SAN JOSE – The San Jose Sharks played the NHL’s stingiest defensive team on Tuesday night, and the result was all too predictable.
The Sharks allowed a power play goal in the first period and two even-strength goals in 1:10 in the second in a 4-1 loss to the Los Angeles Kings at SAP Center.
The Sharks managed just nine shots on goal in the first two periods, including seven at even strength.
Jacob MacDonald scored at the 18:41 mark of the third period, as the Sharks avoided being shut out for the second time in three games, and for the first time at home this season.
Goalie David Rittich, who was making his Kings debut and his first NHL start of the season, needed to make just 14 saves, including three on the power play as the Sharks went 1-for-3 with the man advantage.
The Sharks nearly scored earlier in the third period. After a scramble in front of the Kings’ net, the puck glided toward the goal line, but Los Angeles defenseman Mikey Anderson swiped it underneath Rittich before it fully crossed.
Sharks goalie Kaapo Kahkonen faced 37 shots as his record this season fell to 5-8-1.
Anze Kopitar scored a power-play goal at the 17:48 mark of the first period, and Trevor Moore and Alex Laferriere scored in the second period at the 4:07 and 5:17 marks, respectively.
That was enough offense for a Kings team that has allowed just 2.41 goals per game, the fewest in the NHL this season, before Tuesday. The Sharks, in contrast, had allowed a league-high 3.90 goals per game, to go with an offense that has mustered just 2.13 goals per outing
The Sharks managed just five shots on net in the first period.
Part of the issue for San Jose was a lack of success in the faceoff circle, as it lost 12 of 18 draws in the first 20 minutes, continuing a trend that started with last week’s game against the Arizona Coyotes. In that game, the Sharks won just 21 of 56 faceoffs.
The Sharks fell behind 1-0 in the first period on a power play goal by Kopitar, who was left alone near the right side of the Sharks’ net when he took a pass from Arthur Kaliyev and beat Kahkonen with a shot just inside the post.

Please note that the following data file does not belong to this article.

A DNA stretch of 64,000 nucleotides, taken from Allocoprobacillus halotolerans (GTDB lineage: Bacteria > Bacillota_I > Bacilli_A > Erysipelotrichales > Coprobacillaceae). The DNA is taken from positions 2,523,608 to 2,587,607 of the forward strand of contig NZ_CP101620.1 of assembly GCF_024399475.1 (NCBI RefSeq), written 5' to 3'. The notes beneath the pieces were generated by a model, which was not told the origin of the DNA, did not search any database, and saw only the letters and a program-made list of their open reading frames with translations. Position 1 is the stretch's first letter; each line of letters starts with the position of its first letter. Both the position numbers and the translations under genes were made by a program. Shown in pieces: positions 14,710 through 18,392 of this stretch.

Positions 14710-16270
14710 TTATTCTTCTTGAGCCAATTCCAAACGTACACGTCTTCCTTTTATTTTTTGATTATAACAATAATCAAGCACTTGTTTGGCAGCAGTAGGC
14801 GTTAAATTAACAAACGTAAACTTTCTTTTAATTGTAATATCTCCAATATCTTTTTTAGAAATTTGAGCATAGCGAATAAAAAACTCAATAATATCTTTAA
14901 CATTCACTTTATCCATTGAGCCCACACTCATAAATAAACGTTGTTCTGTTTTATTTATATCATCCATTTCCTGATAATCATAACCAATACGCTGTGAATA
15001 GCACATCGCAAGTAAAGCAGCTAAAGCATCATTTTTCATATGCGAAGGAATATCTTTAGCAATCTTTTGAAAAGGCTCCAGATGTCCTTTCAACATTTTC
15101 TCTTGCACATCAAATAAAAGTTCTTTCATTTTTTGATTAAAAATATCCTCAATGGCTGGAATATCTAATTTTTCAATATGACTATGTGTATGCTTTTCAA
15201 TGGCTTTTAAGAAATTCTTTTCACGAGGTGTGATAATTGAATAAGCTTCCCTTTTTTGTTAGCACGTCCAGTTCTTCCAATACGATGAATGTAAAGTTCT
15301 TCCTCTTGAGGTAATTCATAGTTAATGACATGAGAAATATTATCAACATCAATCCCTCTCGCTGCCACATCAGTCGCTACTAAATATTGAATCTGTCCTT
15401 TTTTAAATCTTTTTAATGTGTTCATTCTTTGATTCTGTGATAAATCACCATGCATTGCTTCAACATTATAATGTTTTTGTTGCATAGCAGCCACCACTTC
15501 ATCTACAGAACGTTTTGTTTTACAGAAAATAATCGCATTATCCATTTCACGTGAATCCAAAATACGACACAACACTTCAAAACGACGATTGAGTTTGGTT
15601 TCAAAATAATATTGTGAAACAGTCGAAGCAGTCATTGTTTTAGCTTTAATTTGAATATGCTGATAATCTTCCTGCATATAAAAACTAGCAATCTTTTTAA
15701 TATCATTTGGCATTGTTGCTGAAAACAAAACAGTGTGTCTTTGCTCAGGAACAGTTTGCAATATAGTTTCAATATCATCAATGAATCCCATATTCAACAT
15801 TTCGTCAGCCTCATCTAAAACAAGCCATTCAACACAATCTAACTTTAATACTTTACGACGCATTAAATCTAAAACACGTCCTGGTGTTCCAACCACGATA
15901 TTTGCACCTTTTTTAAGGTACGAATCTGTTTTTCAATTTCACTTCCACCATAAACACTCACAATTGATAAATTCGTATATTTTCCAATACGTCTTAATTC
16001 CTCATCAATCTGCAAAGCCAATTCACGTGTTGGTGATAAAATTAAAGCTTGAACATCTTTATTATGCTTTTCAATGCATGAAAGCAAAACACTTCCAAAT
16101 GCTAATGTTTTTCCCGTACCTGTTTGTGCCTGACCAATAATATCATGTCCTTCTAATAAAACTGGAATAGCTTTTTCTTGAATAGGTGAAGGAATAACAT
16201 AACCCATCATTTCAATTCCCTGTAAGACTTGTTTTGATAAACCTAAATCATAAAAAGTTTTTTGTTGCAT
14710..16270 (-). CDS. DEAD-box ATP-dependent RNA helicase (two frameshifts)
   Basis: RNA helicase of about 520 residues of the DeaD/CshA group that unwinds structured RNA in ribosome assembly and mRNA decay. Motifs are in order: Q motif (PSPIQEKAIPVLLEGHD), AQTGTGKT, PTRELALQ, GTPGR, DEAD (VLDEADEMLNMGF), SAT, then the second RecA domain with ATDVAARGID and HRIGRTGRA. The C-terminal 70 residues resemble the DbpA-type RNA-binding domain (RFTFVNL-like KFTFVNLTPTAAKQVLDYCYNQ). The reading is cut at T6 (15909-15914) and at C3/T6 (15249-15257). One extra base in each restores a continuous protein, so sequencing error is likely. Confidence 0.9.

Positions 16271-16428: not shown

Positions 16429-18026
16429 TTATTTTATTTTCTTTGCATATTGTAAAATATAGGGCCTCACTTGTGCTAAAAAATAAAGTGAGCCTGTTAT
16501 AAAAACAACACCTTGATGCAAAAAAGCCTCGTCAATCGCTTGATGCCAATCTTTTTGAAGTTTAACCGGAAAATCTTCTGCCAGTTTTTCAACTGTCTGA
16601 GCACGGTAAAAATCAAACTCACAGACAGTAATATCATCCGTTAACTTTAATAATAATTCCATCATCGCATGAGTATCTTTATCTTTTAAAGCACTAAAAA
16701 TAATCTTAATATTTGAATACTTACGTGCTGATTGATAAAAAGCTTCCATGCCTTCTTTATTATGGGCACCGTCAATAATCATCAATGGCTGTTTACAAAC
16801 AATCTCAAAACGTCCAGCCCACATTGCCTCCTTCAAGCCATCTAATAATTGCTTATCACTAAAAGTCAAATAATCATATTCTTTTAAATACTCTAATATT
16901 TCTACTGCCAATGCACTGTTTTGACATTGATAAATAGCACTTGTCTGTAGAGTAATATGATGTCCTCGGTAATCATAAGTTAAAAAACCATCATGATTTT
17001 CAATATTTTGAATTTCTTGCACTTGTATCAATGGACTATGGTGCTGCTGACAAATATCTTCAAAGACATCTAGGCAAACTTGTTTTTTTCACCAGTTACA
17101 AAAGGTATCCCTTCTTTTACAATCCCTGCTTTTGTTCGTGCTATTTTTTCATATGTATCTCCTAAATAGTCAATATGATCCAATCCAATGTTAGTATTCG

The Sharks had a similar chance at even strength with just under 12 minutes left in the first period. But after a centering pass from Tomas Hertl, Rittich extended his right leg to stop a shot from Mario Ferraro, who looked like he might have a tap-in goal.
The Sharks’ coaching staff was hoping to get a response from Anthony Duclair on Tuesday after the veteran forward was a healthy scratch two days earlier in what became a 6-2 loss to the Colorado Avalanche. Quinn wasn’t happy that Duclair didn’t hustle to get back onside Friday against the Arizona Coyotes, negating a late third-period goal by Mikael Granlund in what turned into a 1-0 Sharks loss.
“Just got to skate more,” Duclair said. “You’ve got to track back and work hard.”
Quinn said Sunday that sometimes, “sitting above and watching kind of gives (you) a chance to press reset and get back at it.”
Asked if he agreed with that viewpoint, Duclair said, “For sure. Different perspective watching from the sidelines and that it. Try to turn the page and move on.”
“Keep skating both ways in all three zones,” Quinn said of his message to Duclair said, “and when he does that, he’s a really good player in this league.”
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